This weekend, I used it to clear the back wall of our new garden plot, which had been overgrown by ivy that was also invading the terrace. The sickle goes hand in hand with a sharpening stone: the sharper the blade, the easier the cutting. To cut ivy, which is relatively woody, I needed to sharpen my sickle quite frequently as I worked.
It took me about 20 minutes to cut the ivy back to an acceptable level. I don't plan to remove it completely, though: my aim isn't to destroy the natural landscape with my gardening. Using a sickle instead of a power tool allows me to cut selectively, preserving a healthy relationship between garden and nature.
Saturday, 20 February 2010
Pork and Shrimp Potstickers Recipe
1 lb ground pork
1/2 lb diced shrimp
1/2 cup carrots, finely diced
2/3 cup chopped scallions
2 cups cabbage, sliced thin
1/3 cup chopped cilantro
1/2 cup chopped wood ear mushrooms (reconstituted in warm water) or fresh Shitake
1 tablespoon minced ginger
2 cloves garlic, minced
1/4 cup tapioca starch (or cornstarch)
2 tablespoons soy sauce
2 tablespoons oyster sauce
2 teaspoons dark sesame oil
1 tablespoon plus 1 teaspoon sugar
1/2 teaspoon salt
1/2 teaspoon pepper
70 Chinese white dumpling wrappers (purchase the round ones, which can be found in the refrigerated section of the Asian market)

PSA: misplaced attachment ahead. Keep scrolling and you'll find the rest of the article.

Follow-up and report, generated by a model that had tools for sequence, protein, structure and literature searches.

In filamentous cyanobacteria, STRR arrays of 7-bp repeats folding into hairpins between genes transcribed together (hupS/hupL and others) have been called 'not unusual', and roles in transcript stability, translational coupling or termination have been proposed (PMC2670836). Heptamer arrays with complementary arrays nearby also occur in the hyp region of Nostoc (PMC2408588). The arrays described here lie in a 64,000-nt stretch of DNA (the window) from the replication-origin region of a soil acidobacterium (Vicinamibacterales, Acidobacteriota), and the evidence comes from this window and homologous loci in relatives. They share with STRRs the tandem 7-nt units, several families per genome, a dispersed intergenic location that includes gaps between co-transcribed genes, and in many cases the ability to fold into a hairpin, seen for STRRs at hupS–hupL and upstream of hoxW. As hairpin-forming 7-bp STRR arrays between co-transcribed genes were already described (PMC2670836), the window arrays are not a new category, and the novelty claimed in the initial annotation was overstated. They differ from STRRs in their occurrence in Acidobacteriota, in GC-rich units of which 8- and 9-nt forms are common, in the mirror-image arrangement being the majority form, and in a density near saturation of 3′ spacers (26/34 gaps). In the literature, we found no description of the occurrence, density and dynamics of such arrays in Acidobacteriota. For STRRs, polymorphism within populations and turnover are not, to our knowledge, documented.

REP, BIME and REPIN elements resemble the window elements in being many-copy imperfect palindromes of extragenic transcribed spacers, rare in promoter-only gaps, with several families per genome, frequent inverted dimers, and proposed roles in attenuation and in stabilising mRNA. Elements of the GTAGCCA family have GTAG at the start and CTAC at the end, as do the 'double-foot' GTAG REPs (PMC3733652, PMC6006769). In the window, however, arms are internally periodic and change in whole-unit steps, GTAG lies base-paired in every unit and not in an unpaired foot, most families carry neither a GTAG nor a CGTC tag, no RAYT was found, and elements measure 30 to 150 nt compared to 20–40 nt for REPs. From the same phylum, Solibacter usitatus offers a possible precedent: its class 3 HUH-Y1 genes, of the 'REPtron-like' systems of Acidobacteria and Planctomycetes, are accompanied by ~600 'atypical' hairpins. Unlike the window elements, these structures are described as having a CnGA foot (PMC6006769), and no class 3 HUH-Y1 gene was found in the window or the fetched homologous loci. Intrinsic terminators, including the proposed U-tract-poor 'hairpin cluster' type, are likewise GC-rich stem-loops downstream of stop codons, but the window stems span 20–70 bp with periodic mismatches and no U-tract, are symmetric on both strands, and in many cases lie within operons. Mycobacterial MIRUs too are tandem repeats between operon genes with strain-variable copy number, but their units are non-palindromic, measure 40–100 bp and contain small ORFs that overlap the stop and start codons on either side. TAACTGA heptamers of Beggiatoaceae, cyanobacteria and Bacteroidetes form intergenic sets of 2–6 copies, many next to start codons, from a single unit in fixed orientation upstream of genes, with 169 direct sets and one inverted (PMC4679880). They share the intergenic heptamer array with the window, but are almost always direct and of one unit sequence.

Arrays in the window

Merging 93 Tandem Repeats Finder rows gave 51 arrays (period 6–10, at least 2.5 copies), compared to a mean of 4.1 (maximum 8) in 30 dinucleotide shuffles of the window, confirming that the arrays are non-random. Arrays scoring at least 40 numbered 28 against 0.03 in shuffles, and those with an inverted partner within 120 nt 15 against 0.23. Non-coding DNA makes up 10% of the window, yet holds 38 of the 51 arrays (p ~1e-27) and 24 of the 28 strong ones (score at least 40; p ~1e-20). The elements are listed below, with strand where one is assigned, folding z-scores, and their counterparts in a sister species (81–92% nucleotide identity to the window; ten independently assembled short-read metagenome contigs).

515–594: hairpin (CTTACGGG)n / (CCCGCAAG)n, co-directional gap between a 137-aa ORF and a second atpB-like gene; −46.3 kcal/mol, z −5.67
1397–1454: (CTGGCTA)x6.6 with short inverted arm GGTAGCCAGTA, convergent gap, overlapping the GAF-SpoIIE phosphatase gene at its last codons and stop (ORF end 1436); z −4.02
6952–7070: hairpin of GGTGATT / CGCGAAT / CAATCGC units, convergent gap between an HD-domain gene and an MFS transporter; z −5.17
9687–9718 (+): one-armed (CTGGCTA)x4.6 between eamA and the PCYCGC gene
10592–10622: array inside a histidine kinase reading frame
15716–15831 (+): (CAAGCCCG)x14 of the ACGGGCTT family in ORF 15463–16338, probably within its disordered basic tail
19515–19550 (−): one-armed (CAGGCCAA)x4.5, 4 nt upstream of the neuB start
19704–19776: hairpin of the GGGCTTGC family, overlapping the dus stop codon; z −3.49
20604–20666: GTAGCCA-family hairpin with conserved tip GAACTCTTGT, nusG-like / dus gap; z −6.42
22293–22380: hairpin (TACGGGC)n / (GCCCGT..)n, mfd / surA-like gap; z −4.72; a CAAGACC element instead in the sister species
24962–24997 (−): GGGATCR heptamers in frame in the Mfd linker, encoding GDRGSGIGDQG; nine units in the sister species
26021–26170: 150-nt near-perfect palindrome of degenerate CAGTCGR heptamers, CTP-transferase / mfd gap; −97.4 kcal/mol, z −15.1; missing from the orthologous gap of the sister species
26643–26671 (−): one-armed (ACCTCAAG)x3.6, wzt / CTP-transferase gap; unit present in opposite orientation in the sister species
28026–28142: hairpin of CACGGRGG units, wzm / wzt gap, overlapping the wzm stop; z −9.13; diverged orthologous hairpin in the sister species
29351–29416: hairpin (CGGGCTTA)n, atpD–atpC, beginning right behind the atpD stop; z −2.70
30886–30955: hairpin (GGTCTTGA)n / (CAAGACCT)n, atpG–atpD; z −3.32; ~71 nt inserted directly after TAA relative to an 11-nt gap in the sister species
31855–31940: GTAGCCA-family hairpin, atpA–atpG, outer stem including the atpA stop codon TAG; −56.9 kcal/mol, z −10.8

The perfect potsticker is one that is crispy on the bottom and slightly chewy on top. To achieve this perfection, the dumpling must first be fried and then steamed, a process that is easier than it sounds.
7. In a non-stick frying pan, heat 2 or 3 tablespoons of canola oil on medium heat. One at a time, add the dumplings until they fill the pan. (If you're unsure about which size pan to use, count the number of dumplings you plan to serve and then choose a non-stick pan into which they will all fit snugly, touching one other, and in a single layer. Also, you do not have to defrost the dumplings first. They can go straight into the pan from the freezer.)
8. Fry on medium heat until the bottoms are golden brown. Once they've reached this point, add enough water to almost cover the dumplings. (I would say that the dumplings should be covered by 3/4's of the way up, leaving the pinched tops exposed. Adding too much water will cause the wrappers to become overcooked.)